The Salmon River itself was a very busy place this past weekend, as Columbus Day weekend typically represents the peak of salmon season. Fish and fishermen were found in abundance, with many anglers coming from out of town to take advantage of the three-day weekend.

The Salmon River is the fourth most heavily-fished fishery in New York State in terms of angler effort, coming in behind only the two Great Lakes and the St. Lawrence River. One reason the Salmon River is such a popular fishing destination is because of the abundance of public fishing access--an overwhelming majority of the thirteen miles of river below the first dam is accessible to the public for fishing. But this isn't because the banks of the Salmon River are publicly owned (i.e. owned by New York State)--rather, most of the fishing access on the river is possible because Public Fishing Rights (PFRs) have been acquired on otherwise private land.

Recent wet weather has made a variety of mushrooms a common sight in the forests along the Salmon River. Photo by River Steward Greg Chapman.

PFRs are easements that allows public access on private land for the purpose of fishing, and only fishing--all other activities, such as camping and building fires, are prohibited. For a detailed summary of what PFRs are, and what is and isn't allowed, see this NYS Department of Environmental Conservation webpage. Because PFRs are located on otherwise private land, the concerns of the land's owner must be respected.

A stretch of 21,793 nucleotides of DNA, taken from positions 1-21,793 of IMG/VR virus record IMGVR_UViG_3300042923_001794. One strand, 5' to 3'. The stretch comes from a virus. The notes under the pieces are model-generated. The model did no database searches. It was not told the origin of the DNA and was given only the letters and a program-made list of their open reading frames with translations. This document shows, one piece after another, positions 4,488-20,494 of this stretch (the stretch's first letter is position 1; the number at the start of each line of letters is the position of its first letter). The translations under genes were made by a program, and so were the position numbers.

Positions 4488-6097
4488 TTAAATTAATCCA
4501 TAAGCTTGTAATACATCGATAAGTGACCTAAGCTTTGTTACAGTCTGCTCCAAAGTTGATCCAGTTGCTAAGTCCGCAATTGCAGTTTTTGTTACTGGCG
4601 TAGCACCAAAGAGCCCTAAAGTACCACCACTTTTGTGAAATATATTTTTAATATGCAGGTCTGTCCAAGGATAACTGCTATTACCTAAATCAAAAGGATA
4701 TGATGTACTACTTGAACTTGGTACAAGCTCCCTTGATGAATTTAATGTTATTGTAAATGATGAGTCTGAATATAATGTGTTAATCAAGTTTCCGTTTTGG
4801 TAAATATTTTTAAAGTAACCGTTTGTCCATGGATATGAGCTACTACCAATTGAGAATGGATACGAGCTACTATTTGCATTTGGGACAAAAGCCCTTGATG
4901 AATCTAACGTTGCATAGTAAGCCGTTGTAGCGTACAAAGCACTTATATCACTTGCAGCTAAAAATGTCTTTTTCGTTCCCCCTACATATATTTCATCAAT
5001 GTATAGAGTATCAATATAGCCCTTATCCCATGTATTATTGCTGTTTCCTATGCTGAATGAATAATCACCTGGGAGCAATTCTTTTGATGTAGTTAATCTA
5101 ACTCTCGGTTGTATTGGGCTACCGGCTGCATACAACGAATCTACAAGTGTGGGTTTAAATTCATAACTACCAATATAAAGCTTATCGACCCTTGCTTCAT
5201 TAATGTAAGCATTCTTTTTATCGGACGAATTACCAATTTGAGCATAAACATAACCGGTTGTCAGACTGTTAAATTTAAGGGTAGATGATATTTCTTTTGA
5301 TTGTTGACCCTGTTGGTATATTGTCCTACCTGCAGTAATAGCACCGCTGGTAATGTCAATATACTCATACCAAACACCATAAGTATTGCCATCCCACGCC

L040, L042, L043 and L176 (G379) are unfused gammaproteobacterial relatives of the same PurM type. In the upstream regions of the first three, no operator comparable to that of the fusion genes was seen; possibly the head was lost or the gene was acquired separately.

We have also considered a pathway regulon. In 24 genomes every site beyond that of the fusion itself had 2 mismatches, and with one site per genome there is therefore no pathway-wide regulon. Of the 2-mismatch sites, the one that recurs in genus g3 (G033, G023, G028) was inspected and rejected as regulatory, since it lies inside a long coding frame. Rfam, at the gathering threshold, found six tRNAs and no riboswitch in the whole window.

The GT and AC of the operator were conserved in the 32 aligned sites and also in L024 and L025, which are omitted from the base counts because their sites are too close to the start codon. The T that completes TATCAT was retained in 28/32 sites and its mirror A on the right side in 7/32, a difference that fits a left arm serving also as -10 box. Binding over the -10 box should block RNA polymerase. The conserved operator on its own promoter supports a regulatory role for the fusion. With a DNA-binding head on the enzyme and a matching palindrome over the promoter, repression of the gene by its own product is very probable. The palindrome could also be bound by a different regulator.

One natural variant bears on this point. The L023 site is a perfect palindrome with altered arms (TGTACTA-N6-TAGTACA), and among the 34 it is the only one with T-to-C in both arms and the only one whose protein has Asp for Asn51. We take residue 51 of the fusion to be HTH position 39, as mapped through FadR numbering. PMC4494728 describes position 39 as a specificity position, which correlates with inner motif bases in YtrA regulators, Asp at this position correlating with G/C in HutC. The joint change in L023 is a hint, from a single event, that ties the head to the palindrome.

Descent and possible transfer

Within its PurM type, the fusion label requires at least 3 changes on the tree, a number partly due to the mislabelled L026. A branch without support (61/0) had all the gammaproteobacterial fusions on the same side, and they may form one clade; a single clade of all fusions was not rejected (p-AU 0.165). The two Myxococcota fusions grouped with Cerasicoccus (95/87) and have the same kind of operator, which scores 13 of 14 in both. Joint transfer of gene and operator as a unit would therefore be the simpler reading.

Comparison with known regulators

Many fishermen who come to the Salmon River respect the resource by minimizing their impacts on the land, and by carrying out what they carry in. Unfortunately, when a fishery is as heavily used as the Salmon River is during peak salmon season, some trash does get left behind. In some areas, the amount of empty coffee cups, aluminum cans and especially used fishing line, is somewhat disconcerting.

Litter left behind along the Salmon River. Photo by River Steward Greg Chapman.

As Stewards, we do take the time to try and clean up some of the hardest-hit areas--the trash is unsightly on the otherwise-beautiful river, and the spent fishing line can be harmful to the area's wildlife. We also see other fishermen who spend time collecting not only their own trash, but trash left behind by others as well. Efforts to keep the river clean can go a long way in making PFRs more attractive to private landowners who may be thinking about opening their land for fishing access elsewhere. So, the next time you fill your fish limit, why not try and fill a trash bag as well?

Friday, October 9, 2009

Fall Fishing and Foliage! (10/1/09 - 10/7/09)